Understanding Backgammon

To better understand the game of backgammon it is important to know a little bit about its history from ancient times.

Backgammon is among the oldest game known that was recorded in the history of games. The origins of backgammon go back to Mesopotamian in the Persian Empire. Backgammon was being played by people back then by using a wooden board, small rocks or stone as men or checkers, and numbered diced were made from a wide range of odd materials from stone to bone to ivory as well as other items.

Across its history, the game of backgammon has been a game of nobility and royalty. Archeologists from the past have uncovered many old backgammon artifacts that show the popularity of game amongst aristocrats and noblesse of Persia, Greece, Rome and even the Far East.

Gaming boards were found with 3x6, 3x10 and 3x12 squares in Egypt and it was called as the Game of Thirty Squares or Senat. These found artifacts date way back to 3000-7800 BC, the exact rules of the game is unknown. The oldest wooden boards were uncovered from the royal tomb of the Ur al Chaldees. Dated around 2600BC with the wooden board was a tetrahedral dice also known as The Royal Games of Ur.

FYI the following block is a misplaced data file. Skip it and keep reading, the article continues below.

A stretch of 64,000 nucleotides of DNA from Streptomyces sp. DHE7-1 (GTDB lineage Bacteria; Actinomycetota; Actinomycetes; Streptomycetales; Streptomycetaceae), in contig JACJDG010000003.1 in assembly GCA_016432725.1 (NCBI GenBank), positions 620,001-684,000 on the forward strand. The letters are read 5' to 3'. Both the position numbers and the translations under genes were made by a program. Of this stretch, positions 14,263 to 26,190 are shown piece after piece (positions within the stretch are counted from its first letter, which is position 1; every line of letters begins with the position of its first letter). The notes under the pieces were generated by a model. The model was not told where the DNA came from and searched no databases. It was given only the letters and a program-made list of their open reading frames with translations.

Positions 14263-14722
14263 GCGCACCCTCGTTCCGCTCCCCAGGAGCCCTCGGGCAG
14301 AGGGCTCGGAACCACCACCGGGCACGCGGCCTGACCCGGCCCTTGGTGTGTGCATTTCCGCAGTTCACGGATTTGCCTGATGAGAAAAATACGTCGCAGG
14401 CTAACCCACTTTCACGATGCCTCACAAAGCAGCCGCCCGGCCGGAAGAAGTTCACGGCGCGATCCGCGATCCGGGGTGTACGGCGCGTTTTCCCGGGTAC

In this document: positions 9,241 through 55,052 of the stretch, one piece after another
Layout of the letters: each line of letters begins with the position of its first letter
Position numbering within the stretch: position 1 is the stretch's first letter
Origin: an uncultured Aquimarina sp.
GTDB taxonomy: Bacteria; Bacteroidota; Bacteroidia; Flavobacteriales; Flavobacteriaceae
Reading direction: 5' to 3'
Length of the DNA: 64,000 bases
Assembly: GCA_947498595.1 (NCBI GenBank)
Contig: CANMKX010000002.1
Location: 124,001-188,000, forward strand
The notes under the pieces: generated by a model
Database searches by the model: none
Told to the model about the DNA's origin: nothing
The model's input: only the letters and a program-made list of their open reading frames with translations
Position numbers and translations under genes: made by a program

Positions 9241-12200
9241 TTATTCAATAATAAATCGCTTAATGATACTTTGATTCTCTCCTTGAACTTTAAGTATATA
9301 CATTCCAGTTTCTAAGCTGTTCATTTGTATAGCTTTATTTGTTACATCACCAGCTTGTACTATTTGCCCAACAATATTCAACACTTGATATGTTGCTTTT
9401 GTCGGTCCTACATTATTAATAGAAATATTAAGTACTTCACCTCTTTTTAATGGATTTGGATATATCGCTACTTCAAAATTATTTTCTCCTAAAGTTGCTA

During the 1st century AD, Romans brought backgammon to the British Isles. Romans first called the game "Tables" and introduced it to the locals. Many historians believed that the word "Backgammon" came from two English words: Backgamen which means "Back Game", and refers to either the men from the "bar" or re-entry of checkers or referring to a more advanced strategy of playing the game of backgammon that is commonly referred to as "Back Game".

Edmond Hoyle, an English man from England, was the first person to write a standard set of rules for the game of backgammon and publish a full guide to backgammon. This made backgammon more popular and it greatly contributed the rapid spread of the game all over European Continent.

There are a few variations of backgammon that emerged at that time such as "Puff", which is known in Germany as "Tric-Trac". In the rest of Europe though, backgammon made its way across the nation with the same set of rules made by Hoyle.

The basic rules of the game stayed unaltered until about the year 1931 when the set of rules of backgammon were amended to the rules that we use to play today.

Now, there are a lot of different variations of backgammon but they all still use the same number of checkers and board like: "Tabard", "Acey-Deucey", "Kotra", "Sixy-Acey", the Arabic "Jioul", the Greek "Plakot" and the multi-player "Chouette".